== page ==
Swine Flu Pandemic Alert Level Raised

World Health Organization Raises Level From Phase 3 to Phase 4 -- Not Yet at Pandemic Level

Medically Reviewed by Louise Chang, MD on April 27, 2009
From the WebMD Archives

April 27, 2009 -- Swine flu has prompted the World Health Organization to heighten its pandemic alert level from phase 3 to phase 4.

That means that the swine flu outbreak has taken a "significant step" toward becoming a pandemic, but "we're not there yet," says Keiji Fukuda, MD, assistant director-general for health,security, and environment at the World Health Organization (WHO).

Speaking at a late-night news conference in Geneva, Fukuda noted that a swine flu pandemic may not be inevitable because the situation is "fluid" and the virus could change -- something flu viruses are notorious for doing -- and it's unpredictable whether the virus will worsen or fade away.

Fukuda says because the swine flu virus is already in several countries, containment "is not feasible," so countries should focus on mitigating the virus.

Those efforts are already under way in the U.S., where the federal government has declared swine flu to be a public health emergency.

At a news conference earlier today, CDC Acting Director Richard Besser, MD, was asked what it would mean in the U.S. if the WHO raised the pandemic alert level.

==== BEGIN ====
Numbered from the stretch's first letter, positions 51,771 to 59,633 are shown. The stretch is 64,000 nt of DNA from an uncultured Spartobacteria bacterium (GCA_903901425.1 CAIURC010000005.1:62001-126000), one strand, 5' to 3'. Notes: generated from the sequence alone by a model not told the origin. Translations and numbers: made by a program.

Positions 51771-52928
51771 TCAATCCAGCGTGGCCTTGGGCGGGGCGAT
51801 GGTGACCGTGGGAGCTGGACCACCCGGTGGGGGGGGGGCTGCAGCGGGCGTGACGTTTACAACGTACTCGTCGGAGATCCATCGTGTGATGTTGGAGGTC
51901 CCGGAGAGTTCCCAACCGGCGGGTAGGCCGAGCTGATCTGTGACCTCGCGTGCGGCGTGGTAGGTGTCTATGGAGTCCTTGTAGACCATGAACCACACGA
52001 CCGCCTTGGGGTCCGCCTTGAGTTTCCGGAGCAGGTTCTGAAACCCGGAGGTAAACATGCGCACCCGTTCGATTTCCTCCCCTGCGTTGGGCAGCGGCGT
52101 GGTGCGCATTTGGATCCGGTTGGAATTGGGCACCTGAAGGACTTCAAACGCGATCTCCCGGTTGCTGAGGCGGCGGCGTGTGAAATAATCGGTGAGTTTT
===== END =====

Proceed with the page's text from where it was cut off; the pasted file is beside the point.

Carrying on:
"It doesn't really matter, from our perspective, what you call this," Besser replied. "We are acting aggressively," and heightening the WHO pandemic alert level "may have more relevance for a country that has yet to see cases."

Here are the key steps health officials want you to take to protect yourself and others from swine flu:

  • Wash your hands regularly with soap and water, especially after coughing or sneezing. Or use an alcohol-based hand cleaner.
  • Avoid close contact with sick people.
  • Avoid touching your mouth, nose, or eyes.
  • If you're sick, stay at home. Cover your nose and mouth with a tissue when you sneeze, and throw the tissue in the trash afterward.

Pandemic Alert Phases

Here is how the World Health Organization defines its pandemic alert phases:

Phase 1: No viruses circulating among animals have been reported to cause infections in humans.

Phase 2: An animal influenza virus is known to have caused infection in humans.

Phase 3: An animal or human-animal influenza virus has caused sporadic cases or small clusters of disease in people, but it has not resulted in human-to-human transmission sufficient to sustain community-level outbreaks.

Phase 4: There is verified human-to-human transmission of an animal or human-animal influenza virus able to cause community-level outbreaks. Phase 4 indicates a significant increase in risk of a pandemic but does not mean that a pandemic is a foregone conclusion.

In phase 4, sustained person-to-person transmission "is limited to one relatively contained geographic area, and it is felt that there is a possibility of a containment effort being successful" with antiviral drugs and vaccines, if there are any (there aren't for the new swine flu virus), WHO spokesman Gregory Hartl told reporters earlier today.

"Basically it's more of a very punctual, concentrated, local effort," Hartl said.